David Porter, Donald Trump's nominee to sit on the Third Circuit Court of Appeals -- which covers Pennsylvania, New Jersey and Delaware -- wants people to believe he possesses a impartial, sober-minded judicial worldview that respects precedent and the right of Congress to pass human rights legislation. During his hearing in front of the Senate Judiciary Committee on Wednesday morning, Porter spent much of his time distancing himself from his far-right associations and his past writings that demonstrate a rejection of government's right to ensure health care access or to protect workers, LGBT people and women from violence and oppression.
“Judges don’t have a position," Porter said at one point. "They’re not advocating for anything. Their job is to follow the law wherever it leads.”
Repeatedly, Porter, a lawyer from Pennsylvania with extensive ties to the hardline Christian right, assured the committee, under pointed questioning, that despite his voluminous writings suggesting otherwise, he was a great fan of "binding precedent" and would not seek to undermine major court cases he had previously and repeatedly attacked, such as those that secured abortion rights or protected the Affordable Care Act.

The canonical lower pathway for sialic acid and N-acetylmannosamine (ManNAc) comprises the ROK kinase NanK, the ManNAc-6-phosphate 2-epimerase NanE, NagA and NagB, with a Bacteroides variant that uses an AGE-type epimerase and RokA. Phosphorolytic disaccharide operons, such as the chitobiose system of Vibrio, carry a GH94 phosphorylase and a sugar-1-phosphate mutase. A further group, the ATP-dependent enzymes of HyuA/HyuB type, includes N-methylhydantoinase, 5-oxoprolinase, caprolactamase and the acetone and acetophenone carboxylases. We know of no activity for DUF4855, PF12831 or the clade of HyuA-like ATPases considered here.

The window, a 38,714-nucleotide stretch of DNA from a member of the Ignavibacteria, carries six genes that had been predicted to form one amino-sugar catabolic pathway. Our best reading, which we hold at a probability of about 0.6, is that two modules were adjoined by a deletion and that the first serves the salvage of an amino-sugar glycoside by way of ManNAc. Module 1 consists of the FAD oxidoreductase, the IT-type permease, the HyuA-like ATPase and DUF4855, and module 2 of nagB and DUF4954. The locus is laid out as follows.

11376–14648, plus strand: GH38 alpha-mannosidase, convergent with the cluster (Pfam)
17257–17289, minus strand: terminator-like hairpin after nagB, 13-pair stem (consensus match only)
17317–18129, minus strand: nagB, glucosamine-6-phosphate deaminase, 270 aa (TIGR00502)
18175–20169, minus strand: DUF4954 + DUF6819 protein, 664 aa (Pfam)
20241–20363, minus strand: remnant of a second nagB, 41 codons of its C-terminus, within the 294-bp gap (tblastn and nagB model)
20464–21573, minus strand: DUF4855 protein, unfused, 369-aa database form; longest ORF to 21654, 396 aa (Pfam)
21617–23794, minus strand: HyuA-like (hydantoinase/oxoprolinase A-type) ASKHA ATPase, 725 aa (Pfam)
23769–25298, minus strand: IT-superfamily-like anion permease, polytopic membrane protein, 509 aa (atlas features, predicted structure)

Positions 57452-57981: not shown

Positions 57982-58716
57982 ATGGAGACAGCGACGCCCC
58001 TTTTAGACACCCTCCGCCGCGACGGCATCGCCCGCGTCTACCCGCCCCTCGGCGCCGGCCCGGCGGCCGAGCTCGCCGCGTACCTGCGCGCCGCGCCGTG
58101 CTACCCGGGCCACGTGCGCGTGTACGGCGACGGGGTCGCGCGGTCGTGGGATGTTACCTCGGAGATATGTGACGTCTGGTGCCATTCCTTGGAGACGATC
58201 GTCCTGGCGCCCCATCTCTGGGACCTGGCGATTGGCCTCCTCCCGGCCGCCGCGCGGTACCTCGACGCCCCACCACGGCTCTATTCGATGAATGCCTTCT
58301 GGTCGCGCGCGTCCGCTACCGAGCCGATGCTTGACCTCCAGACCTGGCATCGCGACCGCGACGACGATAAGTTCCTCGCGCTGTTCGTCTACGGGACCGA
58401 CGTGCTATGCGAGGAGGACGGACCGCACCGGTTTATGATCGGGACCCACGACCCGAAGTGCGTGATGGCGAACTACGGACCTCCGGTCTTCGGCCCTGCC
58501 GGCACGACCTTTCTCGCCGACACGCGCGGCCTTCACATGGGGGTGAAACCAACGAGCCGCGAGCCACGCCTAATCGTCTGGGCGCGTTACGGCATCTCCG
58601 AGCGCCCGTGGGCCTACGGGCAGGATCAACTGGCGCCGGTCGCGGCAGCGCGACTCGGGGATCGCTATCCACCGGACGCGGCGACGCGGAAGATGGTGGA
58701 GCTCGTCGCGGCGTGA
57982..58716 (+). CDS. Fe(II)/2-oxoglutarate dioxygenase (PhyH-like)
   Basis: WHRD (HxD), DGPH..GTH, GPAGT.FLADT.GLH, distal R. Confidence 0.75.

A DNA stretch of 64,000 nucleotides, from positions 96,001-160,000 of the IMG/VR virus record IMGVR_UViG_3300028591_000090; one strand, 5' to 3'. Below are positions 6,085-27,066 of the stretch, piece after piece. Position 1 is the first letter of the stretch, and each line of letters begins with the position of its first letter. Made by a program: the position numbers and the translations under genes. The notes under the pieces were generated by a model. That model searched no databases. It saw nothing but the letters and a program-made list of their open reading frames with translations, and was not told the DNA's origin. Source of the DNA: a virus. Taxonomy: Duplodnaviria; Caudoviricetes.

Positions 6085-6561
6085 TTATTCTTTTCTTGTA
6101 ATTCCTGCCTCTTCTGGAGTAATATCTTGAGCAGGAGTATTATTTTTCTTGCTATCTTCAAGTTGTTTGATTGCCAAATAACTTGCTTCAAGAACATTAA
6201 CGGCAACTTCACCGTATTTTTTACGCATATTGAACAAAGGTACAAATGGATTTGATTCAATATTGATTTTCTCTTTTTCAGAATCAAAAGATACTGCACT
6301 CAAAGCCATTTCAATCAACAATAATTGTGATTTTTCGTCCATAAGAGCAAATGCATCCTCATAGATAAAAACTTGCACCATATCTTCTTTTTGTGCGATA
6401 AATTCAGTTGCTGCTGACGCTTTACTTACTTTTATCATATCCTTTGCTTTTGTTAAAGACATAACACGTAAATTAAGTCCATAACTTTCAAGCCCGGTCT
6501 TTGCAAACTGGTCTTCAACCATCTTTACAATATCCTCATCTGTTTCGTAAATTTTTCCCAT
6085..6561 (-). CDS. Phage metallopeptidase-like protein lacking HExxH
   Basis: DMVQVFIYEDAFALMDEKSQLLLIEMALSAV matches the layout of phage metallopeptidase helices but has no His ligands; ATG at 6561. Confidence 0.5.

Civil rights groups are skeptical of Porter's claims to be a fair-minded jurist.
"If you look at President Trump’s judicial nominees," Mike Zubrensky, chief counsel for the Leadership Conference on Civil and Human Rights, told Salon, many of them "made the same types of assurances that David Porter did and then ruled in very conservative, ideological ways once they got to the bench."
Dan Goldberg, legal director of Alliance for Justice, agreed that this is a common strategy for Trump's judicial nominees.
“One of their tactics is to try to pull one over on the Senate and the American people, try to hide from everything they’ve ever written or said or believed, and try to give the false impression that all of a sudden, when they put on a robe, they become a completely different person," he explained. "The reality is that these people are being nominated precisely because the Trump administration, the Federalist Society and far-right folks know exactly who they are. They know what they will do to roll back critical rights for the next 30 or 40 years.”